Gabriel's Rebellion: The Virginia Slave Conspiracies of 1800 and 1802

Gabriel's Rebellion: The Virginia Slave Conspiracies of 1800 and 1802

Gabriel's Rebellion: The Virginia Slave Conspiracies of 1800 and 1802

Gabriel's Rebellion: The Virginia Slave Conspiracies of 1800 and 1802

Synopsis

Gabriel's Rebellion tells the dramatic story of what was perhaps the most extensive slave conspiracy in the history of the American South. Douglas Egerton illuminates the complex motivations that underlay two related Virginia slave revolts: the first, in 1800, led by the slave known as Gabriel; and the second, called the 'Easter Plot,' instigated in 1802 by one of his followers. Although Gabriel has frequently been portrayed as a messianic, Samson-like figure, Egerton shows that he was a literate and highly skilled blacksmith whose primary goal was to destroy the economic hegemony of the 'merchants,' the only whites he ever identified as his enemies. According to Egerton, the social, political, and economic disorder of the Revolutionary era weakened some of the harsh controls that held slavery in place during colonial times. Emboldened by these conditions, a small number of literate slaves- most of them highly skilled artisans- planned an armed insurrection aimed at destroying slavery in Virginia. The intricate scheme failed, as did the Easter Plot that stemmed from it, and Gabriel and many of his followers were hanged. By placing the revolts within the broader context of the volatile political currents of the day, Egerton challenges the conventional understanding of race, class, and politics in the early days of the American republic.

Excerpt

The spring of 1800 found Richmond, Virginia, a feverish tribute to partisan politics; the April elections for the General Assembly were crucial for both Federalists and Republicans in the upcoming presidential contest. The accompanying unrest, discord, and rumors of impending disunion inspired a young slave named Gabriel to conceive of what was perhaps the most extensive slave conspiracy in southern history. Most of his contemporaries, white as well as black, believed that his plan stood a good chance of succeeding. Had it done so, it might have changed not only the course of American race relations but also the course of American political history.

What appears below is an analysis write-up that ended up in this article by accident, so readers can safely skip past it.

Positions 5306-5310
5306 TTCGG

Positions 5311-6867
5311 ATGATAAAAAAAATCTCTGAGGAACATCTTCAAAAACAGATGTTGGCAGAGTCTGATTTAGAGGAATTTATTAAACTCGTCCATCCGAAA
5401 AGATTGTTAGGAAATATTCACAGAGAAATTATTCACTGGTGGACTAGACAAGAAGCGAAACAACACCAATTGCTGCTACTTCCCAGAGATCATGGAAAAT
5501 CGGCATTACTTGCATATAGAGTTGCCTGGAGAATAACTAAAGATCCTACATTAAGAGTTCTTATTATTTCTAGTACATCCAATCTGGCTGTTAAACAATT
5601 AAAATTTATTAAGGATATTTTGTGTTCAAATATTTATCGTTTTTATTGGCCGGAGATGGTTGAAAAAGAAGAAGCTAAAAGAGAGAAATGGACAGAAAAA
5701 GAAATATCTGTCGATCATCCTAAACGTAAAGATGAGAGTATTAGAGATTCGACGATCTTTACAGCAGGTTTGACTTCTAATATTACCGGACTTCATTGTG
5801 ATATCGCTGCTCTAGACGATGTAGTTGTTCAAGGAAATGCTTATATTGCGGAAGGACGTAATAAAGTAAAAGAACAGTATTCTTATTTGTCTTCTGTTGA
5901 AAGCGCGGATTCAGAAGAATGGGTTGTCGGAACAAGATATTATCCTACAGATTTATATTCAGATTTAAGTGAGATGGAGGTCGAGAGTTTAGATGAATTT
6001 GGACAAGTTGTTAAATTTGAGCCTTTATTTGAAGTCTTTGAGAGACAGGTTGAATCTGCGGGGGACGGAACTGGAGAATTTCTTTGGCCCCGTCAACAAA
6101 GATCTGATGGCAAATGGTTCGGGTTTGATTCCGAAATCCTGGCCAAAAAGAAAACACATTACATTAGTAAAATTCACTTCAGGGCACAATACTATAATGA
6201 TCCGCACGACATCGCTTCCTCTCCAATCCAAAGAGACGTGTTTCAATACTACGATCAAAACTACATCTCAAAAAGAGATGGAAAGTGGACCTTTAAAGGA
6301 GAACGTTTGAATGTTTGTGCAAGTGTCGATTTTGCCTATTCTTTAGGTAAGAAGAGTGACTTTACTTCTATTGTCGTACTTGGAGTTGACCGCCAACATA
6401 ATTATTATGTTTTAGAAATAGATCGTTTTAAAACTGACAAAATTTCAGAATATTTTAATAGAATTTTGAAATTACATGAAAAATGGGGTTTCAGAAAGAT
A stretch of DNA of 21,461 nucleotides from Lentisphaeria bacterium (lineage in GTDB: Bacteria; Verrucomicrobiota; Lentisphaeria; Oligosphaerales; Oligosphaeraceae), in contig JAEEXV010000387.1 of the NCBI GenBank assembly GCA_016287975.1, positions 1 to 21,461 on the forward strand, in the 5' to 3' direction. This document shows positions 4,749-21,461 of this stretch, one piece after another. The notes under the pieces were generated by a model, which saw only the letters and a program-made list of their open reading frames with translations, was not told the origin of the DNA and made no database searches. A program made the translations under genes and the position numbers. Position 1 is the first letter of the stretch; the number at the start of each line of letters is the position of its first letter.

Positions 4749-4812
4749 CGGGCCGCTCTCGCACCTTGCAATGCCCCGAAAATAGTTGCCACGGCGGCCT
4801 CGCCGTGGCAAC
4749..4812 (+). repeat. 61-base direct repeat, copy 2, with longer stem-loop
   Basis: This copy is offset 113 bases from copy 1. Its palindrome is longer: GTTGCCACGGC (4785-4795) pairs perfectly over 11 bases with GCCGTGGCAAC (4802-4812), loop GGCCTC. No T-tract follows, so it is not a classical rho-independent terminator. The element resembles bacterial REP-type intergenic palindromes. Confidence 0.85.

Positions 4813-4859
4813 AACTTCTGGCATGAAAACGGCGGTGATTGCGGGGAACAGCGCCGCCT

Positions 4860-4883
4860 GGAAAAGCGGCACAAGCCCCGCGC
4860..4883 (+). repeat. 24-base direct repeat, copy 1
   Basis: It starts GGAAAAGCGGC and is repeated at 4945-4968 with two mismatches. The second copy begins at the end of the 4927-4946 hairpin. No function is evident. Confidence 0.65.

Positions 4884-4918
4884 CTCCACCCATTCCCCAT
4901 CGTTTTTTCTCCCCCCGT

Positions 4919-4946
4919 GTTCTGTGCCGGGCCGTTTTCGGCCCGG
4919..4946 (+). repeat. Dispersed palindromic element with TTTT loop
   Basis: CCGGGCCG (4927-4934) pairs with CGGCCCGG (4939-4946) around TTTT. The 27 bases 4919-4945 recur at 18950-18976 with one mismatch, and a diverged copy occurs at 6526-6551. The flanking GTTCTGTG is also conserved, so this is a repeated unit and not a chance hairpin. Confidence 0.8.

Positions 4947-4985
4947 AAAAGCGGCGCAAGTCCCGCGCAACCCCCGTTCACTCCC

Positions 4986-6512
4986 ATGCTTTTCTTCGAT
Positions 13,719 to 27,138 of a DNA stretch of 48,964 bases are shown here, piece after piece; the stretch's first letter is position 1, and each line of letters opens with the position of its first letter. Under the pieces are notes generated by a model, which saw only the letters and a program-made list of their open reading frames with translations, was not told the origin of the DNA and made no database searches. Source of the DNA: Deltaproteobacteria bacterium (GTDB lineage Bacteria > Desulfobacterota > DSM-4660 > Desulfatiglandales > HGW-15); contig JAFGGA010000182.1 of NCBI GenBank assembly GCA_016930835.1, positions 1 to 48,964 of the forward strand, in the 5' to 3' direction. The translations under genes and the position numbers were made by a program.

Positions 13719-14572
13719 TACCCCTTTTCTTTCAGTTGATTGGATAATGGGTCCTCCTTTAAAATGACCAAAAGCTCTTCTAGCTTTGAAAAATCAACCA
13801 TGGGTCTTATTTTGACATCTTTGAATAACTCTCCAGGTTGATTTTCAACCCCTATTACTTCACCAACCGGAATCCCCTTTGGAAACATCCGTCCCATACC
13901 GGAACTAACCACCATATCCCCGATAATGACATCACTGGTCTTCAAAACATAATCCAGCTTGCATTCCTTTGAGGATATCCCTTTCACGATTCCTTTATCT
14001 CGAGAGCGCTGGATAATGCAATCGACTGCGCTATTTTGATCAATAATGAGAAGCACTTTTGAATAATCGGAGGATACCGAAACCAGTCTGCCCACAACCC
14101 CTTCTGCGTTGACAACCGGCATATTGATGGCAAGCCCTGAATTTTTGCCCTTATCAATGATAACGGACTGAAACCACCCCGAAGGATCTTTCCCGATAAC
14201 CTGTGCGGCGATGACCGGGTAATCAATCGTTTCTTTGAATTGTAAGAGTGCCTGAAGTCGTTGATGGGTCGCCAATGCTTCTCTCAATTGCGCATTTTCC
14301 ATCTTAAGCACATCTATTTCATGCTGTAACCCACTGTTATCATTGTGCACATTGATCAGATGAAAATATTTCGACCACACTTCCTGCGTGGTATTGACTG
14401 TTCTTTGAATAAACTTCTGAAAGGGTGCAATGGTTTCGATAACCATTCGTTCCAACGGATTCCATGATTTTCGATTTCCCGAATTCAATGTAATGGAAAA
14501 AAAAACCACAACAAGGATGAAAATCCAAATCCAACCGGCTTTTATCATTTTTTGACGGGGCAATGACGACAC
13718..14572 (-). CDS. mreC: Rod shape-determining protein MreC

It is peculiar, therefore, that Gabriel's conspiracy has been either ignored or misunderstood by historians. Despite a wealth of documentation, the plot and its tragic aftermath have never been treated in full. True, Gabriel typically receives a perfunctory mention in most American history textbooks, although many identify him as Gabriel Prosser, thus giving him the surname of his owner, Thomas Henry Prosser (which no extant contemporary document does). Far too many scholars identify him as a free man, although his tenuous ties to his master make this error somewhat understandable. One writer has even insisted that Gabriel must have been Haitian, although the Virginia census of 1783 clearly places the then-seven-year-old boy on the Prosser plantation nearly a decade before Saint Domingue exploded into revolution. But of all the myths surrounding the events of 1800, surely the most durable is the erroneous idea that Gabriel was a messianic figure, an early national Nat Turner who wore his hair long in imitation of his biblical hero, Samson.

Several fictional treatments have attempted to rescue the slave rebel from the Samson legend, but in the process they have led readers and audiences into yet new myths. Arna Bontemps's vivid 1936 novel, Black Thunder, depicted Gabriel as a meek, apolitical bondman driven to revolt only by his master's cruel murder of an elderly slave. Thirty-two years later, Clifford Mason's powerful play Gabriel: The Story of a Slave Rebellion, placed the Virginia revolutionary in a generic plantation setting. By day, Mason's Gabriel was a common laborer in "Charlie" Prosser's cotton . . .

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